Chronic Hypertension and Pregnancy (CHAP) Project

  • STATUS
    Recruiting
  • End date
    Jun 7, 2022
  • participants needed
    2404
  • sponsor
    University of Alabama at Birmingham
Updated on 7 May 2021
hypertension
antihypertensive drugs

Summary

The purpose of this study is to evaluate whether a blood pressure treatment strategy during pregnancy to achieve targets that are recommended for non-pregnant reproductive-age adults (<140/90 mmHg) compared ACOG- recommended standard during pregnancy (no treatment unless BP is severe) is effective and safe.

Description

During pregnancy, chronic hypertension (CHTN) is the most common major medical disorder encountered, occurring in 2-6%. The substantial negative effect of CHTN on pregnancy includes a consistent 3- to 5-fold increase in superimposed preeclampsia and adverse perinatal outcomes (fetal or neonatal death, preterm birth -PTB, poor fetal growth and placental abruption) and possibly a 5- to10-fold increase in maternal cardiovascular and other complications (death, cerebrovascular accident, pulmonary edema and acute renal failure). Mild CHTN (BP <160/110) contributes to a large proportion of these adverse outcomes. While antihypertensive treatment of CHTN is standard for the general population, it is uncertain whether treatment during pregnancy reduces maternal or fetal complications, and there are concerns that decreased arterial pressure may reduce fetal blood flow and cause poor fetal growth or small-for-gestational-age (SGA) infants. Some authorities, including the American College of Obstetricians and Gynecologists (ACOG) and American Society of Hypertension (ASH) recommend withholding antihypertensive therapy for mild CHTN, particularly if BP is <160/105-110 mmHg. The recommendation to withhold antihypertensive treatment in pregnancy conflicts with the broader public health goal to reduce BP in those with CHTN and there is no evidence that discontinuing therapy during the brief period of pregnancy affects maternal outcomes (other than reducing the severe hypertension). For over a decade, authorities have consistently called for well-designed and powered trials to delineate the benefits and risks of pharmacologic therapy for CHTN during pregnancy.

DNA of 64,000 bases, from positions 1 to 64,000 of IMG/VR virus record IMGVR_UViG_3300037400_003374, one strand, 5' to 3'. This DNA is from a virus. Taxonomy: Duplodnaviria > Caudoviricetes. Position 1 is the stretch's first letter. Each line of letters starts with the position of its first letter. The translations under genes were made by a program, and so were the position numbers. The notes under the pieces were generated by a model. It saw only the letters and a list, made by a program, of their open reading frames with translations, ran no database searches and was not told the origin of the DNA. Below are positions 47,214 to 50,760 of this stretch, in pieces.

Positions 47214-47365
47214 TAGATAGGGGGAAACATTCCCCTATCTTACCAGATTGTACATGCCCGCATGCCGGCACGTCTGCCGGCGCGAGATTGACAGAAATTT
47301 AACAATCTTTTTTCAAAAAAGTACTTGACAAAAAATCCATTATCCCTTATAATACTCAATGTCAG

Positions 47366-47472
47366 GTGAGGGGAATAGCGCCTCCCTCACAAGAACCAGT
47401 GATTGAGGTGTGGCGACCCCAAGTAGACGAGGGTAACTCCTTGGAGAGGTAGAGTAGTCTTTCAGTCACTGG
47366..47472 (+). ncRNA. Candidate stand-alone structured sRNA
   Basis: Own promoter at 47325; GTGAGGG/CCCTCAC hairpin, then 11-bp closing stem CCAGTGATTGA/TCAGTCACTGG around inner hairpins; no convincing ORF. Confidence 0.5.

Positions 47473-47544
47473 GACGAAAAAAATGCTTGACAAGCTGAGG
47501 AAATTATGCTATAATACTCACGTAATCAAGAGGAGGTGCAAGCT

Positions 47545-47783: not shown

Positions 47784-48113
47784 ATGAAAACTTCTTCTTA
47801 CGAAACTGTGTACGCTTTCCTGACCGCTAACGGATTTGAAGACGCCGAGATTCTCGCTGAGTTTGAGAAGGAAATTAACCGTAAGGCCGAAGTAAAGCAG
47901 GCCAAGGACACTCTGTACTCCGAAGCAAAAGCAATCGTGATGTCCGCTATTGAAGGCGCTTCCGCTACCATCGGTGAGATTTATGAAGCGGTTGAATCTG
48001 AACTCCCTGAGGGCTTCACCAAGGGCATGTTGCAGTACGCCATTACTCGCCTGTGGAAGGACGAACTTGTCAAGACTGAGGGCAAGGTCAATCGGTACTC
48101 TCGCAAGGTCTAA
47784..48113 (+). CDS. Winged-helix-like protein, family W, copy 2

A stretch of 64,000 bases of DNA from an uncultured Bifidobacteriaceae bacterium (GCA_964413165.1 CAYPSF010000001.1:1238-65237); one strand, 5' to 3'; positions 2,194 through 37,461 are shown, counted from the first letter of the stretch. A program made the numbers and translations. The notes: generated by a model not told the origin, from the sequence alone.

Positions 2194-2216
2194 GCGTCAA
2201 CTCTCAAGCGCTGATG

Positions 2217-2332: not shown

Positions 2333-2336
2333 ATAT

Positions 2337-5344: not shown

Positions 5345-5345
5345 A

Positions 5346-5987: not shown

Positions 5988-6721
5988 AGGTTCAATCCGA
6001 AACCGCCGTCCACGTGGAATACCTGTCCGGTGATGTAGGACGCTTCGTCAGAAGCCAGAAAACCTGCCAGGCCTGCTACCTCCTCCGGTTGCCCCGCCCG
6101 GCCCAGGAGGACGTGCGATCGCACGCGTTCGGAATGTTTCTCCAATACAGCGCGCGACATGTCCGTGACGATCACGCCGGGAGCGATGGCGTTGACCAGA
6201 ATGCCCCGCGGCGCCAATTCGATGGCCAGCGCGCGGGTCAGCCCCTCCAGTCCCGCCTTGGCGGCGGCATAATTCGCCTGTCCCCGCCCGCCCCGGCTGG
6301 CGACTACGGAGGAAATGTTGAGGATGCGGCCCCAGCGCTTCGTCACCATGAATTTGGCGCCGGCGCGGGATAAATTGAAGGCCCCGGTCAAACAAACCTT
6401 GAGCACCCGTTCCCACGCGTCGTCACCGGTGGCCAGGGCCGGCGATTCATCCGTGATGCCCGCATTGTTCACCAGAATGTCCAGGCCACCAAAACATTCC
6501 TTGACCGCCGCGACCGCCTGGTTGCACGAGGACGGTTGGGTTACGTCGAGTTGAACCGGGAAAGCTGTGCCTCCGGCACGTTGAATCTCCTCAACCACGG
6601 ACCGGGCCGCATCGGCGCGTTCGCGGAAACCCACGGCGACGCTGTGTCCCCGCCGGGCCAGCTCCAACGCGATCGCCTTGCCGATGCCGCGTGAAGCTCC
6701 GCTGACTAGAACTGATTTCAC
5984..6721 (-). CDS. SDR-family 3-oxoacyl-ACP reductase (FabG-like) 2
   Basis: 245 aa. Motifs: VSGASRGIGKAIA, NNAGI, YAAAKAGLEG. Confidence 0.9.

Therefore, our multicenter consortium proposes the Chronic Hypertension and Pregnancy (CHAP) Project, a large pragmatic randomized trial with a primary aim to evaluate the benefits and harms of pharmacologic treatment of mild CHTN in pregnancy.

Details
Condition Vascular Diseases, Hypertension, Diabetes and Hypertension, High Blood Pressure (Hypertension), High Blood Pressure (Hypertension - Pediatric), Elevated Blood Pressure, high blood pressure, arterial hypertension
Treatment Anti-hypertensive therapy, No anti-hypertensive therapy (unless BP is severe)
Clinical Study IdentifierNCT02299414
SponsorUniversity of Alabama at Birmingham
Last Modified on7 May 2021

Eligibility

Yes No Not Sure

Inclusion Criteria

Women with chronic hypertension in pregnancy with new or untreated chronic hypertension, blood pressure 140-159 systolic or 90-104 diastolic OR known chronic hypertension on monotherapy and taking any antihypertensive and blood pressure 159/104 (including those with blood pressure <140/90)
Singleton; and
viable pregnancy <23 weeks of gestation

Exclusion Criteria

Blood pressures prior to randomization 160 systolic or 105 diastolic (with or without treatment)
Patients currently treated with >1 antihypertensive medication (more likely to have severe chronic hypertension)
Multi-fetal pregnancy
Known secondary cause of chronic hypertension
High-risk co-morbidities for which treatment may be indicated
Class C or higher diabetes mellitus
Chronic kidney disease - including baseline proteinuria (>300mg/24-hr, p/c ratio >0.3, or persistent 1+ proteinuria) or creatinine >1.2
If a dipstick value at screening is more than trace, a clean catch or catheter urine should be obtained and re-tested by dipstick. If this shows trace or absence of protein, the patient is included. If it again shows 1+ protein, the patient is excluded until a 24-hr urine <300mg/24hr or p/c ratio is <0.3
Cardiac disorders: cardiomyopathy, angina, CAD
Prior stroke
Retinopathy
Sickle cell disease; 6. Known major fetal anomaly; 7. Known fetal demise; 8. Suspected IUGR; 9. Membrane rupture or planned termination prior to randomization; 10. Plan to deliver outside the consortium centers (unless approved by the Clinical Coordinating Center) or unlikely to follow-up in the opinion of study staff or previous participation in this trial; 11. Contraindication to labetalol or nifedipine (e.g. know hypersensitivity); and (12) Current substance abuse or addiction (cocaine, methamphetamine) The minimum age varies by center
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